We anchor in Curieus in a shallow bay in the middle of the Marine National Park. So it's time to explore the coast on an inflatable kayak that I brought with me. The boat with the TNP folding expedition paddles is on the water in an instant and in a moment I will be weaving around the granite rocks and mangroves. Herons sit on the branches, I see several turtles in the water, and at one point a half-meter-long lemon shark jumps into my kayak.

The inflatable kayak has proved its worth again, exploring in Port Launay Bay.

Curieuse Island, Giant Tortoise

Then I arrive at the beach, where there is a breeding station for giant tortoises, which were once brought here from Aldabra Atoll. One colossus is resting on the beach, so I can look at it and take a picture. The turtle, which is over a hundred years old, even scratches its neck and then slowly moves into the shade of the forest.

Cousin: island of birds

One of the smallest islands is only 500 meters in diameter. However, the smaller it is, the more interesting it is. For example, five of Seychelles' eleven bird endemics live here. Cousin is a strict nature reserve with a regulated entrance and we paid a thousand crowns for a two-hour stay there. But it was worth it!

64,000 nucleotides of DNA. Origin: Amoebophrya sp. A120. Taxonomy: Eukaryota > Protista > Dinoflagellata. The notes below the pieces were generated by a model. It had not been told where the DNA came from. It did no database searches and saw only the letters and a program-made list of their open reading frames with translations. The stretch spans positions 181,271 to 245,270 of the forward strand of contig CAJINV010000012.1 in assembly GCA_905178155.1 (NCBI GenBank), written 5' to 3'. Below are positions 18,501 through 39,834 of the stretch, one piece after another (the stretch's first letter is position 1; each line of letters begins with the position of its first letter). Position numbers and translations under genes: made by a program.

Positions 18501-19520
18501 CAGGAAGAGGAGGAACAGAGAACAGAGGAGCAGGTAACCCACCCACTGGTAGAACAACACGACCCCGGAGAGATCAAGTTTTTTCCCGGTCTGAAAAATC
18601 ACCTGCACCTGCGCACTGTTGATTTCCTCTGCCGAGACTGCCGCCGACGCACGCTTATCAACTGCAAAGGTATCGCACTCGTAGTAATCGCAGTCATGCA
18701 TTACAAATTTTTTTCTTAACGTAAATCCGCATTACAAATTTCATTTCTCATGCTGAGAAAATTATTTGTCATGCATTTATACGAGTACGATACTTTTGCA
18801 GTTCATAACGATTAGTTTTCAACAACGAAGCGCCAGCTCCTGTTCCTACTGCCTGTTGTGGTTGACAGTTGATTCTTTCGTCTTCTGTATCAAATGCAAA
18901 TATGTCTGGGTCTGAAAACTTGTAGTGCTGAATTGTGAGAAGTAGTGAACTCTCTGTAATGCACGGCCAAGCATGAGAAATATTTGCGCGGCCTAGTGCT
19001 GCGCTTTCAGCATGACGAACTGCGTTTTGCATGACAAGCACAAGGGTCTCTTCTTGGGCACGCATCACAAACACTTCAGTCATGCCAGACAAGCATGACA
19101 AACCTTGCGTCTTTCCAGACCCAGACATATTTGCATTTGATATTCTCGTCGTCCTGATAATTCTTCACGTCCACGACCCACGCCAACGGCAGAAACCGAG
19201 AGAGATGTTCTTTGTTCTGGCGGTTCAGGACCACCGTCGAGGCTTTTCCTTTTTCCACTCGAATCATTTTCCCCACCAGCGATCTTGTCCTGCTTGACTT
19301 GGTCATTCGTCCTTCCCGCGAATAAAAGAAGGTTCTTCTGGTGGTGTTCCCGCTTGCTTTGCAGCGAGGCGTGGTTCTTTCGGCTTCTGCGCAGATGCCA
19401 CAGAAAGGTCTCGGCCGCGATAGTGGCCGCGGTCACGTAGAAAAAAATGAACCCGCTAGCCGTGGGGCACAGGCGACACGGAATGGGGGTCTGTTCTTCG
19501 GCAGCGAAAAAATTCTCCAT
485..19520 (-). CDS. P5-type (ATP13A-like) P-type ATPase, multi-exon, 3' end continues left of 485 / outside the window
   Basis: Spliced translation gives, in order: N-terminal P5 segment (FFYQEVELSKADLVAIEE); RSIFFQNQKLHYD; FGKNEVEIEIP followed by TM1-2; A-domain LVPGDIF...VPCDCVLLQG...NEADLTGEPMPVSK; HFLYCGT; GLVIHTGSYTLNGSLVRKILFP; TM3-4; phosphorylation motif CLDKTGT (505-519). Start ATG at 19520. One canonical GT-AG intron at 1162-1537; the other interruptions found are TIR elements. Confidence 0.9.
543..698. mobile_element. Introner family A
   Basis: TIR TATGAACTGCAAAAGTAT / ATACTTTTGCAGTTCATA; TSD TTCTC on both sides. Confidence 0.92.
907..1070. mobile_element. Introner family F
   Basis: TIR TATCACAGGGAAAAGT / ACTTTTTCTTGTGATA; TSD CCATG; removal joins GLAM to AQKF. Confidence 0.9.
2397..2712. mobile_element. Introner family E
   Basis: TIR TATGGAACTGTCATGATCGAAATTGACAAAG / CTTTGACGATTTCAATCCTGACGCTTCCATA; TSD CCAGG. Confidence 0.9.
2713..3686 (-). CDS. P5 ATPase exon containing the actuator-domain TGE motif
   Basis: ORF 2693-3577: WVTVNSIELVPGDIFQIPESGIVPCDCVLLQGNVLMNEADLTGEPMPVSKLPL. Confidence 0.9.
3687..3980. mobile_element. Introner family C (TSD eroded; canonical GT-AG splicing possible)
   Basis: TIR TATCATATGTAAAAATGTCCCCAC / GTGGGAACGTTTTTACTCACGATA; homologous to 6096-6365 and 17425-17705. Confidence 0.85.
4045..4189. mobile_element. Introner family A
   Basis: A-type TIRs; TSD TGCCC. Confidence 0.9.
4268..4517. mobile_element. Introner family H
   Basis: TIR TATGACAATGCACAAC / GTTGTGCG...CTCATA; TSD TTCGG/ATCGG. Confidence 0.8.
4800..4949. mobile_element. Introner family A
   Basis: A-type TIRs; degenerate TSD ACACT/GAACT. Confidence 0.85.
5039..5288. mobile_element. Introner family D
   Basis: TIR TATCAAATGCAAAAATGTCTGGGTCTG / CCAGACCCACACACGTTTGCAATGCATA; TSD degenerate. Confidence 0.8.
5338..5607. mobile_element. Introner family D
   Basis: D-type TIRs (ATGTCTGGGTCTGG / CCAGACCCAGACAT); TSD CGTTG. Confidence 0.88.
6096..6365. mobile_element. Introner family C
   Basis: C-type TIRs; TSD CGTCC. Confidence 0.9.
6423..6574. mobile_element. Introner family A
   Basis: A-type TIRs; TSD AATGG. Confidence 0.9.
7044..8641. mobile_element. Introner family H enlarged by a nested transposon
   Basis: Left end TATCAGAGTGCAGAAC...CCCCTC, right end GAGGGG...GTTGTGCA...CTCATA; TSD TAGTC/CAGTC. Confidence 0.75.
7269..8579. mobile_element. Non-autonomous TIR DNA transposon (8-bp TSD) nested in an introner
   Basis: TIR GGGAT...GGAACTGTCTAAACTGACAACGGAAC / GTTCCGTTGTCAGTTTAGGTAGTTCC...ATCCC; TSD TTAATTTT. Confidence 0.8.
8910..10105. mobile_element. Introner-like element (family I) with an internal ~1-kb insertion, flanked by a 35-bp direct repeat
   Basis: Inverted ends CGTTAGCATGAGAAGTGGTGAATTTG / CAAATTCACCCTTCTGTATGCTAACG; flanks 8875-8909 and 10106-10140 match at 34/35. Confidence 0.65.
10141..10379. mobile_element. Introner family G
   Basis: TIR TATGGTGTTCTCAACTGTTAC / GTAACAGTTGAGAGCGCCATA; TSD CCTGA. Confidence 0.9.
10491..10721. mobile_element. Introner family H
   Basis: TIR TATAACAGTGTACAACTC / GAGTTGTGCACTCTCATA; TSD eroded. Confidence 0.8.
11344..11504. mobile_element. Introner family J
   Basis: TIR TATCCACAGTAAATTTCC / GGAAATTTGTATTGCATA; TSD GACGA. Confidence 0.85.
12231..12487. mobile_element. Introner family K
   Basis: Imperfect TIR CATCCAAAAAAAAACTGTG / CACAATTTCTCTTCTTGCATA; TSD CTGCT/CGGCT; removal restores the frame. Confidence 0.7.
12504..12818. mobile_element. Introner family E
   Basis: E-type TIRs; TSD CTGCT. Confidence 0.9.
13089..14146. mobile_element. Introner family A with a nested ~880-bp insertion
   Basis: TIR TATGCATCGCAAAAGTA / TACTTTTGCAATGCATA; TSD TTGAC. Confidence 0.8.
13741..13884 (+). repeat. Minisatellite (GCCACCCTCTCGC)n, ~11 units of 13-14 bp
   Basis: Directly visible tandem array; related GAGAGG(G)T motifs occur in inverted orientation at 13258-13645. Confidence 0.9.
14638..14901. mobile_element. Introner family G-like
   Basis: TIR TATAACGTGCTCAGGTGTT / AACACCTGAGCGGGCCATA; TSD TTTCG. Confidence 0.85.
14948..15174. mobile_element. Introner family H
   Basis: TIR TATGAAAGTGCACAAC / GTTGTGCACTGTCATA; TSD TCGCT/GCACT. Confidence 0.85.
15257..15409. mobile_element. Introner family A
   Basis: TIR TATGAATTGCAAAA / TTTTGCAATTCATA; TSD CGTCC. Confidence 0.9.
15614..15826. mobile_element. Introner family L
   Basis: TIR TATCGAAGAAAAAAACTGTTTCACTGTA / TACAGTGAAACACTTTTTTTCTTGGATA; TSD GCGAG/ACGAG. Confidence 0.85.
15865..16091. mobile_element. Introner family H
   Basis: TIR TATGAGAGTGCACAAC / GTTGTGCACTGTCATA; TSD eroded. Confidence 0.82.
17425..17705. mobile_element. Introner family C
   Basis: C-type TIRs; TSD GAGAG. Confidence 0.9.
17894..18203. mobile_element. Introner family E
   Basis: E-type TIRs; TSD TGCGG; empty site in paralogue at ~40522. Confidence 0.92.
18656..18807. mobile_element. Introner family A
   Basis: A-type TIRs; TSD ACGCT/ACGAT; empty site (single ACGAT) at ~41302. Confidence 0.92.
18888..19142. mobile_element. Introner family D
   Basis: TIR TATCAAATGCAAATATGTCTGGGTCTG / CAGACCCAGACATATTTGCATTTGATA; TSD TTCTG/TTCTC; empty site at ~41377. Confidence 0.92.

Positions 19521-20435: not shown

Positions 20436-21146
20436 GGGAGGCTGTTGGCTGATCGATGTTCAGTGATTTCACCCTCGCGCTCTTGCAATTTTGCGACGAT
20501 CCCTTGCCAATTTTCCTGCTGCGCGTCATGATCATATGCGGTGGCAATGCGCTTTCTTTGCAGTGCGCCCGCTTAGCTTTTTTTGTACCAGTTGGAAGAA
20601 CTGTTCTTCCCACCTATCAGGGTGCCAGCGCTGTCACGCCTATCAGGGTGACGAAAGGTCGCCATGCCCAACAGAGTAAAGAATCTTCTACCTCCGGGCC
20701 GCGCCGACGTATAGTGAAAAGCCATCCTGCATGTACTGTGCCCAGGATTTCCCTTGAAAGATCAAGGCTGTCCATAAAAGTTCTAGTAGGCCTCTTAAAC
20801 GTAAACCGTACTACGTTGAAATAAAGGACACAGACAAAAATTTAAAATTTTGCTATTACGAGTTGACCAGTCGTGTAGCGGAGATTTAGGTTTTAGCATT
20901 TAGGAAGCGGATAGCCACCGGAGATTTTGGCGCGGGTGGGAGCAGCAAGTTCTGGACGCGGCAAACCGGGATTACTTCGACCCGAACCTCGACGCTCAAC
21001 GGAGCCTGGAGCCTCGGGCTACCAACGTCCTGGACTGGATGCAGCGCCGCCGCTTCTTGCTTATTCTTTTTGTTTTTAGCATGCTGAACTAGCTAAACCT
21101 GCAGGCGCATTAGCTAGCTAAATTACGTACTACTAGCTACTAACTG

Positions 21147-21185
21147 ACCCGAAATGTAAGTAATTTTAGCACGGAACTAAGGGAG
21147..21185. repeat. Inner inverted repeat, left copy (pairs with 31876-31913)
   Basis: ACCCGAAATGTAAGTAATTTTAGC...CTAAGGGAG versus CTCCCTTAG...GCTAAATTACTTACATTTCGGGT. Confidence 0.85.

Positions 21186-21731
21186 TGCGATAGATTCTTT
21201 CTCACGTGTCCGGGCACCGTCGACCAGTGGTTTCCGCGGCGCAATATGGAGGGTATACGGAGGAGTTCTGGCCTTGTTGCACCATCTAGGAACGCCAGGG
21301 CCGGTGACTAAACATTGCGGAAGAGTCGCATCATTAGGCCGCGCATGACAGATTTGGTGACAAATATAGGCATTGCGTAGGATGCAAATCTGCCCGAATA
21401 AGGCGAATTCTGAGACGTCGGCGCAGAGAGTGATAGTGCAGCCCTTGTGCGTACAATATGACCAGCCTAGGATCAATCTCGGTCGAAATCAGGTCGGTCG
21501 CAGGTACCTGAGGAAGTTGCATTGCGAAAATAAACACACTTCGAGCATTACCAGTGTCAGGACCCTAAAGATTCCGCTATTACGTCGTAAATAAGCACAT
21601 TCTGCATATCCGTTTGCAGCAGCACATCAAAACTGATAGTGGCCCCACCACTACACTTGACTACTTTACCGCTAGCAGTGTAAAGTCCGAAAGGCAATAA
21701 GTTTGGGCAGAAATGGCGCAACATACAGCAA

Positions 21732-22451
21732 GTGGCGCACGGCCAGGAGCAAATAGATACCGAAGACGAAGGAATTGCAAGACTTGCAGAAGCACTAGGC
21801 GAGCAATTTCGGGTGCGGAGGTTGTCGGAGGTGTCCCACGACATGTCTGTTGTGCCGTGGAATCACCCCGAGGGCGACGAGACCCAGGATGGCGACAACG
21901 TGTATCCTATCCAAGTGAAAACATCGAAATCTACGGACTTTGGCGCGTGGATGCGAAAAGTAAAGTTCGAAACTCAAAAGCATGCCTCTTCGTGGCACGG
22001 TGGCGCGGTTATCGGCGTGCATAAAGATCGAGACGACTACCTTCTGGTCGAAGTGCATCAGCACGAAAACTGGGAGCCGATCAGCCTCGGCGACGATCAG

At ten in the morning, the park ranger picks us up on a wooden boat and takes us ashore. We are immediately attracted by hundreds of white flying birds. It is a white node and about four thousand of these feathers nest on the island.

Together with the guide, we go on a guided walk inland and along the beaches. In the dense forest, we were almost eaten by mosquitoes, but we could admire a lot of other interesting animals, the cutest of which were the young on the ground, nesting yellow-billed phaetons. These fluffy tufts are not afraid at all and we were able to take pictures of them from a half-meter distance.

A beach on the island of Cousin, where cards come to lay eggs.

In the winter, real cards come here to lay eggs, but we weren't lucky enough with them, so at least we took a picture of the "veteran of the island", who is a 150-year-old male tortoise, before leaving.

Wild Silhouette

This third largest and second highest island in Seychelles stands out from the others in many ways. Formerly a haven for pirates, today a mystical and hard-to-reach island with the need to obtain permission to enter. Over 90% of the area is a national park with wild jungle and steep mountains.